Old Masters Academy

What it’s like to be a rich and popular artist :)

First of all, it doesn’t matter if you can paint. It helps a little bit, but the majority of fine artists making tons of money today are not representational painters! This means they draw geometric shapes or splashes of paint, using heavy brushstrokes and scratchy movements.

Those artists who are painting recognizable things in their art, are usually using a simplified, stylistic (not realistic) cartoonish method, which is a million times easier than actually painting objects and people as they are.

I’ll say it again; representation it out.

What should I paint?

What you want to do is develop a theme and a style. Use the same colors (and not a lot). Pick your 5 favorite colors. Muted and dull tones are in. Keep your canvases roughly between 3’x3′ and 5’x5′ (the average gallery sizes.) Paint your canvases pretty much a like; although with variation, when 10 of them are in the same room they should all look similar, like one big painting cut into pieces. (If you draw people are faces, keep them about the same).

Use a lot of the same images: if you like to paint cats or pianos, paint cats and pianos in all your paintings. That will become your recognizable style.

Paint a lot and paint fast: time is money. You should have at least 40 paintings ready before you think about selling them or promoting yourself. The first step is to get the work done.

After that, you need to prove that your work has value. Unfortunately, this is an exercise in writing. You need to craft an excellent bio and statement, about where your artistic sensibilities come from, what your paintings mean to you, what they represent for you personally and for others, how you paint (your process), how paintings makes you feel, etc. You also need to write a description of every painting: what it is, colors used, what it represents, size, materials, date, etc.

Altogether, this represents your ‘catalogue’. You can put it together in a little book or post in on your webpage. You should also memorize it – you need to be sure what to say when people ask ‘what does your art mean?’ or ‘What’s it about’.


Pricing is a sensitive issue for artists, who are usually insecure (or overconfident in their abilities) and thus usually overprice or underprice, or apply wildly varying prices based on their moods or their financial situation.

Pick an average price for your average work based on similiar paintings you’ve seen in the places you’d like to sell. (If another artist is selling a similar piece in the outdoor market for $100, then $100 is how much to charge if you want to sell your work in the outdoor marketplace. If a similar artist is selling a painting in a gallery you like for $500, then pick $500 if you want to be in galleries. The money isn’t important right now; it’s just an indicator of where you position yourself as an artist.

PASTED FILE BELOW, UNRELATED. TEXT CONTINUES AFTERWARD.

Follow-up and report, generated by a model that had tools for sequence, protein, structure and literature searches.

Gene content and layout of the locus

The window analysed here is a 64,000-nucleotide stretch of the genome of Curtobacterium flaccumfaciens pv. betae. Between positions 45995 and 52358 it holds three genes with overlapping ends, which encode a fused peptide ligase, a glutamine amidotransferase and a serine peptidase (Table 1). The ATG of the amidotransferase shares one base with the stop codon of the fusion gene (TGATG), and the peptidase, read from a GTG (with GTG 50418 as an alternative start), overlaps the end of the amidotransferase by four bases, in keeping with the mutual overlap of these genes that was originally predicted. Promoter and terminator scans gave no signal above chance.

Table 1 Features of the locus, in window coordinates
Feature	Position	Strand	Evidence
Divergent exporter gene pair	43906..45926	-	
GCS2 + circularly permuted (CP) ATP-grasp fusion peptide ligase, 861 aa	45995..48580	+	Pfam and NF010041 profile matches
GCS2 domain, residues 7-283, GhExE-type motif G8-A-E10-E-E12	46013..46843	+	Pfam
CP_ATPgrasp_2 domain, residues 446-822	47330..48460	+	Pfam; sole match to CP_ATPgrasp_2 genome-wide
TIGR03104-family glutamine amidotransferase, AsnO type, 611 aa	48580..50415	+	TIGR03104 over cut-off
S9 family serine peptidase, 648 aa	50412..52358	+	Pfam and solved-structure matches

Small paintings will be worth less, larger paintings will be worth more. (A painting that is double the size of a smaller painting can be double the price as well. This may seem like a lot, but it will also make the small paintings seems like ‘a good deal’.) Offer a range of price options. Never fluctuate, or low ball or offer an enormous ‘discount’. This is art, not pirated software.

Show your work

Get it out there! Get you work up in public where-ever you can, markets, cafes, restaurants, local galleries, etc. Start small. Get a fan place. Start locally. Big New York Galleries will shred your packages and letters (as will most galleries). Galleries rarely want to be contacted.

Attend exhibitions, become part of the community, get to know the players personally. Get to know local artists and curators. After you get to know them you can casually let on that you’re an artist, and they may ask to see your work.

What to do after I’ve made it?

The average professional artist makes between $500 to $5000 per painting. If you sell 10 paintings a year you may make about $25,000. If you sell 40, you can making $100,000. However, if you’re popular enough to be selling 40 paintings a year, your art is probably much more valuable. If you hit a bubble and people are wildly fanatic about your art, you could make as much as $100,000 (or even $1million) for a painting.

If you’re making this much money painting, congratulations. Spend some money to increase your exposure and productivity. Hire a maid to clean your studio. Buy a gallery of your own to promote yourself and emerging artists. Hire professional showgirls to hang out and be beautiful at all your opening events. Buy paintings from aspiring artists. Don’t take success for granted, but don’t take it too seriously either.

Just be grateful and remember that you’re getting paid to play with colors.

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